Leaders in the boating industry talk about stepped-hull boats.
A model of the first raceboat with a stepped hull - a 1910 John Thornycroft - can be found in Michael Peters' office at Michael Peters Yacht Design.
“The idea that the hull is operating on a gigantic bubble and is supported by compressed air can only be described as complete baloney. The whole idea of a stepped hull having ‘air bearings’ or ‘air lubrication’ is unsupported.”
— Rob Kaidy, vice president of engineering and chief naval architect, SeaVee Boats
“A few brands just have notches and chines — what I call chicken steps. The companies are trying to show something for marketing but are afraid to go into a full step bottom design.”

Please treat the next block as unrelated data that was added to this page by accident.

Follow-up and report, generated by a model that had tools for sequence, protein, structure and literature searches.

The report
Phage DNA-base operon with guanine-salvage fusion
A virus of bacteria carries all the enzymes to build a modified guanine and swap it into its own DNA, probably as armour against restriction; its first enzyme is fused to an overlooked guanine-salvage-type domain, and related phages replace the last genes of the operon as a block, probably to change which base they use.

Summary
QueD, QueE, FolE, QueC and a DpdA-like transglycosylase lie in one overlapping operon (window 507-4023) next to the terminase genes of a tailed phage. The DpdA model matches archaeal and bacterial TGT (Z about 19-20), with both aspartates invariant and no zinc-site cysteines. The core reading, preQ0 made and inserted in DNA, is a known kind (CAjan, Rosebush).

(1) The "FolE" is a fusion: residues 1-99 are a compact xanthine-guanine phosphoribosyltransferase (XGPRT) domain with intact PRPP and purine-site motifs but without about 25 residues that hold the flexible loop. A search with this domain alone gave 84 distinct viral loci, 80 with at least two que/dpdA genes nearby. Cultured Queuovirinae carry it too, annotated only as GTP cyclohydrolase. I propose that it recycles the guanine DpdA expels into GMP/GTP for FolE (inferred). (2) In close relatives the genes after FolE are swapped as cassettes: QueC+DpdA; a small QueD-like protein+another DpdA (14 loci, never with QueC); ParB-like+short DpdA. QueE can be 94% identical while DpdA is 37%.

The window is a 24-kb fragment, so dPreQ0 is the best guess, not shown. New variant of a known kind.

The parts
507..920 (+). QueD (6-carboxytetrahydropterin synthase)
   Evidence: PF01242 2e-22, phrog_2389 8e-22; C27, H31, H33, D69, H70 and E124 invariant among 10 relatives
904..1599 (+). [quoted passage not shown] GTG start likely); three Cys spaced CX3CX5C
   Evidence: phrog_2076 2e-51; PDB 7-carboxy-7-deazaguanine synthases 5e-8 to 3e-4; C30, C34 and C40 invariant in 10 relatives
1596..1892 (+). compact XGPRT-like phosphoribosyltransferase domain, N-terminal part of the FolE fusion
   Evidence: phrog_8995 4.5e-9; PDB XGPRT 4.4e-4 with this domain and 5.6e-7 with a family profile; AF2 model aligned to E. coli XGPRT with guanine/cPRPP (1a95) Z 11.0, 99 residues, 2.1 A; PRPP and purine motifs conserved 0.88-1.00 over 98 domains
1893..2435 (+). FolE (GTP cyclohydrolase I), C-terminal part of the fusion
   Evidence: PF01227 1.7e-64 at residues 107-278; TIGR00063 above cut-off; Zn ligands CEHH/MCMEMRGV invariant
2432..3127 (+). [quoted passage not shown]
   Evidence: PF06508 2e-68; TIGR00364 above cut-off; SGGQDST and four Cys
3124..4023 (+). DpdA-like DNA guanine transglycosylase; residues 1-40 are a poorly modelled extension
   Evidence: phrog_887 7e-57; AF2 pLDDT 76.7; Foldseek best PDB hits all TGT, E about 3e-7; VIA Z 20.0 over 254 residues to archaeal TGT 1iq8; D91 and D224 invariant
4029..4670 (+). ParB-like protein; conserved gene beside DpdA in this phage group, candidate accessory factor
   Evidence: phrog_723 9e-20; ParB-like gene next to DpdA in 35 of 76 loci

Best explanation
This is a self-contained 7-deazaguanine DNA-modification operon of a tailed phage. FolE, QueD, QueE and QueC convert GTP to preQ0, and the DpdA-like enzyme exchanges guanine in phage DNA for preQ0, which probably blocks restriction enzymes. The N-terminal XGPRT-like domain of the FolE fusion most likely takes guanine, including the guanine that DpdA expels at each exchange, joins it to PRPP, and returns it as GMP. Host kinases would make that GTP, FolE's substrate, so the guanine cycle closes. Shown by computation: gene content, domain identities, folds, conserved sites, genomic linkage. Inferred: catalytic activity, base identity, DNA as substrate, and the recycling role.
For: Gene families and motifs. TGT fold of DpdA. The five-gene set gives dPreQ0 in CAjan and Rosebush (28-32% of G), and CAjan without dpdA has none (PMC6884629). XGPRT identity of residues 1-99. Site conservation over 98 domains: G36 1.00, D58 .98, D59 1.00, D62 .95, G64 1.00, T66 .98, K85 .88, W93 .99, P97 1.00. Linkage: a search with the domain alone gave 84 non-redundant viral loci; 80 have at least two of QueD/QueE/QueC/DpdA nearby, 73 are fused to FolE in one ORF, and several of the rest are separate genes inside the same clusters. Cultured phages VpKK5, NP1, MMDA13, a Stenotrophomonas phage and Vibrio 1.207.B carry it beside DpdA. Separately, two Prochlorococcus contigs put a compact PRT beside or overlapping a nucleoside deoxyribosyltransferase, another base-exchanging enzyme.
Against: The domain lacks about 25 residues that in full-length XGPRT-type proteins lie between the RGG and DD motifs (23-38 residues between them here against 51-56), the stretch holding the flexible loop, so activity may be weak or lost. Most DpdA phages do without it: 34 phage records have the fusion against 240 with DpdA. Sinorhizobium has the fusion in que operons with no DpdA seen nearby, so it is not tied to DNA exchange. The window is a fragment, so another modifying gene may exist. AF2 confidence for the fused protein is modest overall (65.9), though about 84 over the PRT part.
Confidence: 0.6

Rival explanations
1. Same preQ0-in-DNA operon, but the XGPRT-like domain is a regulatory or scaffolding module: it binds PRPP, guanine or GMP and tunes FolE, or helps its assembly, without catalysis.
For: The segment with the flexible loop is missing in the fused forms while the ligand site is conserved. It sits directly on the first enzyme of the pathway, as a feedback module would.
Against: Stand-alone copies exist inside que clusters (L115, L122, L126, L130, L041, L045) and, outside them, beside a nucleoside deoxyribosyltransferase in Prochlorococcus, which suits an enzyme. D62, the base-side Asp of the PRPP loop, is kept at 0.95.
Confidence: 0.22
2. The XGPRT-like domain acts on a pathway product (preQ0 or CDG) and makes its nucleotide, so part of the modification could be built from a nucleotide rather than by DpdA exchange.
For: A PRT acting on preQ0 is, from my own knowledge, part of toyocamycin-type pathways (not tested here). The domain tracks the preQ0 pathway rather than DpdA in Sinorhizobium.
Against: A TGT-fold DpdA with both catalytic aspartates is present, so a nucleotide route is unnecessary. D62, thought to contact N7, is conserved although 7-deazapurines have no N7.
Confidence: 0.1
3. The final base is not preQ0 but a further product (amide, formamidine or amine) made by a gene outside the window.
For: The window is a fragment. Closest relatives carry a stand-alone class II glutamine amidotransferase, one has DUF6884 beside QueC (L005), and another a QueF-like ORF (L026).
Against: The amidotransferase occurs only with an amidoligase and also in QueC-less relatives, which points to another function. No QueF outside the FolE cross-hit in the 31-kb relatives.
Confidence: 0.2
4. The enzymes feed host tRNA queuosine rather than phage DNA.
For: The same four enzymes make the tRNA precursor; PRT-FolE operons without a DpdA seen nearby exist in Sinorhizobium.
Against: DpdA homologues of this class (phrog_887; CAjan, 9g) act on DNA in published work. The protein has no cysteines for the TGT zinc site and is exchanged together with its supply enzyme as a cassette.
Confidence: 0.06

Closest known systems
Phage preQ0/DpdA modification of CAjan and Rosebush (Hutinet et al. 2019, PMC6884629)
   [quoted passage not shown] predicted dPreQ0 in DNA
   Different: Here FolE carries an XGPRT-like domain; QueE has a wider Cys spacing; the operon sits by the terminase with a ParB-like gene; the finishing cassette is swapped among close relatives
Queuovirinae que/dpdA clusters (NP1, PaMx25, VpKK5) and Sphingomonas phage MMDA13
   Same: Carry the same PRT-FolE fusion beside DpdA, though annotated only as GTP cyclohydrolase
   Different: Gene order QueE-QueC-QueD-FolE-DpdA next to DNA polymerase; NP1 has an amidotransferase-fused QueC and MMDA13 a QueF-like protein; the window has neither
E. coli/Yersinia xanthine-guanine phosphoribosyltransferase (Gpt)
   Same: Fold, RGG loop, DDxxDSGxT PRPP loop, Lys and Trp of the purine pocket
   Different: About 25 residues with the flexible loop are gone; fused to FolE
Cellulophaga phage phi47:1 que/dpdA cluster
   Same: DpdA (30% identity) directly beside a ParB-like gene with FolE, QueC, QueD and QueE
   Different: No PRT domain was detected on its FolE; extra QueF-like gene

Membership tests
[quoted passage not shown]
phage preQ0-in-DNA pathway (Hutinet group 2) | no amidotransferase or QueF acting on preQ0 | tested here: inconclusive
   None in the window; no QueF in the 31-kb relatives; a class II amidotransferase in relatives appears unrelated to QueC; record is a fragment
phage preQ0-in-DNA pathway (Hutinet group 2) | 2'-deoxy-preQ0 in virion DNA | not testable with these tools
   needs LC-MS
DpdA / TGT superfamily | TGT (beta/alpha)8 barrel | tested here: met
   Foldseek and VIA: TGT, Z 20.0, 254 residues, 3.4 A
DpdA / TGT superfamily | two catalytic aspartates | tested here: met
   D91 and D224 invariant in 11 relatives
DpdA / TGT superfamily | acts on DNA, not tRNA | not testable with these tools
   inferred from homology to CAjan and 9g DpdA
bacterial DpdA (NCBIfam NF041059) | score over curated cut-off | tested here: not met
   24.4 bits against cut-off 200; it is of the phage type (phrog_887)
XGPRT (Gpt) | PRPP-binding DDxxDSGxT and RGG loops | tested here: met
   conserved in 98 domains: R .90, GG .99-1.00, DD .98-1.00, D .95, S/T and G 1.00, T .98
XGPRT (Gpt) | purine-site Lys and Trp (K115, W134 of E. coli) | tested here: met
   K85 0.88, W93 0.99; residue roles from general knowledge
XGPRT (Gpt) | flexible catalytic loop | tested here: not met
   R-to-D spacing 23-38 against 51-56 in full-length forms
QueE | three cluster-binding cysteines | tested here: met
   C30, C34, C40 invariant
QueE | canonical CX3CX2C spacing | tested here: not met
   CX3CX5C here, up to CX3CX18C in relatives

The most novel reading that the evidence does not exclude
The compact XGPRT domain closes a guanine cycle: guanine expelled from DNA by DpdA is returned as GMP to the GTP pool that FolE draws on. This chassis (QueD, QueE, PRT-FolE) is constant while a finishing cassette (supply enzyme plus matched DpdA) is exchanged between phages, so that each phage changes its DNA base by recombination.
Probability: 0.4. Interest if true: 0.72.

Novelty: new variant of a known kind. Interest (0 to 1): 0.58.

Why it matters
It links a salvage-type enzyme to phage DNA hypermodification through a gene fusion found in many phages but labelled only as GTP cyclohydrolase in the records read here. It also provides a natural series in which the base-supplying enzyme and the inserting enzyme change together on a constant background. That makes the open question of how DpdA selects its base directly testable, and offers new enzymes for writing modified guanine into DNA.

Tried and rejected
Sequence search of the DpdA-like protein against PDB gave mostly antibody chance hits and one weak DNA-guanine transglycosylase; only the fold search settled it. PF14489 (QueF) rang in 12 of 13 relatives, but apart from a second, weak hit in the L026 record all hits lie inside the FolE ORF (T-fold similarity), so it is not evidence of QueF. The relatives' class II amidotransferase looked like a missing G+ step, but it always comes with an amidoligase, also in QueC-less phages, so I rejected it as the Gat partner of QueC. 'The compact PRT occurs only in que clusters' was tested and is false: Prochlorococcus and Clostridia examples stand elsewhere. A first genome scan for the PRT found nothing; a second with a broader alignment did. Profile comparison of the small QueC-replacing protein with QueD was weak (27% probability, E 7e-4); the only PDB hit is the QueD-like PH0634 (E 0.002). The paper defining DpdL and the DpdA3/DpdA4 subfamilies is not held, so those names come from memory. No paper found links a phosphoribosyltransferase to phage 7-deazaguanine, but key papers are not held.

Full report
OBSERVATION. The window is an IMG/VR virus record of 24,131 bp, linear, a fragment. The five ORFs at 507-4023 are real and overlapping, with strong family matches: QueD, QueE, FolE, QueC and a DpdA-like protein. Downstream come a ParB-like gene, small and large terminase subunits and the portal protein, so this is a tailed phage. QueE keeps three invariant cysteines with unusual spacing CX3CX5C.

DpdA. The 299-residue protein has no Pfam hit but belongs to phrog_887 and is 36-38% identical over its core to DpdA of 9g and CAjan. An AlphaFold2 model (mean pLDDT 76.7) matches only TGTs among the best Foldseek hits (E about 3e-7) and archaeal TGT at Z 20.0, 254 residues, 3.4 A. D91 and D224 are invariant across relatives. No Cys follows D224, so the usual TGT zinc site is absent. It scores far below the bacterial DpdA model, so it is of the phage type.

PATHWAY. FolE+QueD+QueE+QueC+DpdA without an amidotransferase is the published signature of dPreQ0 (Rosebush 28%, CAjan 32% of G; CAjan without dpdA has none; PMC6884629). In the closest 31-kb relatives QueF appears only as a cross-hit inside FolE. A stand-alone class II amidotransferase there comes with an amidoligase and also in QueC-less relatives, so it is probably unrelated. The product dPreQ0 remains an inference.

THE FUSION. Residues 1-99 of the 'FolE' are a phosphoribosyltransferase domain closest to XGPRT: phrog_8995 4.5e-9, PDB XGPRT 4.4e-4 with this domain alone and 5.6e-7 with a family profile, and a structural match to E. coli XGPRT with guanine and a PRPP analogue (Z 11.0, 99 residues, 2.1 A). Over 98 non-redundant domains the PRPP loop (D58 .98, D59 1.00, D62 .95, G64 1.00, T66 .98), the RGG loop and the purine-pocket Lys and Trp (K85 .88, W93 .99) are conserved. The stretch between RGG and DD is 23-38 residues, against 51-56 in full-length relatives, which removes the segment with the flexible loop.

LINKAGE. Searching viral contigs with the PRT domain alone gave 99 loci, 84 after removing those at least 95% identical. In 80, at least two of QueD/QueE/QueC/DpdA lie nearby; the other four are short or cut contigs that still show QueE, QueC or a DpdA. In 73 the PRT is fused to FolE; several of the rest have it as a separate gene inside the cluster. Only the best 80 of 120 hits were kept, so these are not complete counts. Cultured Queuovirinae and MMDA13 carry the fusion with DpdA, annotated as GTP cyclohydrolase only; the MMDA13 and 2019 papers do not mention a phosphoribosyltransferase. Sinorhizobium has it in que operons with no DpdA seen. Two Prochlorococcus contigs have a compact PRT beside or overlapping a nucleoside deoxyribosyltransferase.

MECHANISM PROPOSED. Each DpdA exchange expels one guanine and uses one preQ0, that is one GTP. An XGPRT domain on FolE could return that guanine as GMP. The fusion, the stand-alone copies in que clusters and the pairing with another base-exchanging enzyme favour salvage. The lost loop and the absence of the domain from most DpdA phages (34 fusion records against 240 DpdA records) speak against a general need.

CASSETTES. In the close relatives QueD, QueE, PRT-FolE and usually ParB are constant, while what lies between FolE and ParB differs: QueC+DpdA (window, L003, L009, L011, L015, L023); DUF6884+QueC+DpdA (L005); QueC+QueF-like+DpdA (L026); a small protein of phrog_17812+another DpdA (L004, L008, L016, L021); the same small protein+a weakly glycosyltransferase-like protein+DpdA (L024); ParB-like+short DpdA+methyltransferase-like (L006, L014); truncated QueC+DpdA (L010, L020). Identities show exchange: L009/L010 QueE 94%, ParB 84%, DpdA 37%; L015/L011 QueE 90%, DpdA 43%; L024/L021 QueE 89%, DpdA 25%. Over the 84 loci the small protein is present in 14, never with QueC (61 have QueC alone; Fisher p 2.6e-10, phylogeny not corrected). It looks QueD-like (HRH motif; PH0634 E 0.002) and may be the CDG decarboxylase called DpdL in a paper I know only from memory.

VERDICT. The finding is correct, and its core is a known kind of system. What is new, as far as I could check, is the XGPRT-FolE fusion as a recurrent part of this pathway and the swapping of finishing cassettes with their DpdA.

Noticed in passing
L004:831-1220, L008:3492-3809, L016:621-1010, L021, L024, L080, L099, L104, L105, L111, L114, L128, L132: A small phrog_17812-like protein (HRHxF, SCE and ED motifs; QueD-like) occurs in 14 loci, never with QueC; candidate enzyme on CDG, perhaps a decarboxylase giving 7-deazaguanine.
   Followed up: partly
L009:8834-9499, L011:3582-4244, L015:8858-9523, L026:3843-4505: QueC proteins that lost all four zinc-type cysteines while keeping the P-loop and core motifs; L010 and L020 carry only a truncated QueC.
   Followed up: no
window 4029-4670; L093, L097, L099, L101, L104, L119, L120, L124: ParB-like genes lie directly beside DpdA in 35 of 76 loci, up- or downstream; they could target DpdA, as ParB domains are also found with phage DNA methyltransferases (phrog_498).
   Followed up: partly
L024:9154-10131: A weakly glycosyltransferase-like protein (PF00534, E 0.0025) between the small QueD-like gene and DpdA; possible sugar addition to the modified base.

— John Cosker, owner, Mystic Powerboats
“It’s different than driving a conventional boat. In rough water, you need to give it more throttle and get up on top of the water. That is where a stepped hull likes to run — on top of rough water — and the ride only gets better from there.”
— Ken Clinton, president, Intrepid Powerboats
“Steps are an absolute math principle — reduce wetted surface and increase speed and efficiency and reduce wave impact. It’s simple math and not subjective. What is the black art is the many potential forms and configurations that steps can take.”
— Steve French, owner, Applied Concepts Unleashed
See related article:
April 2014 issue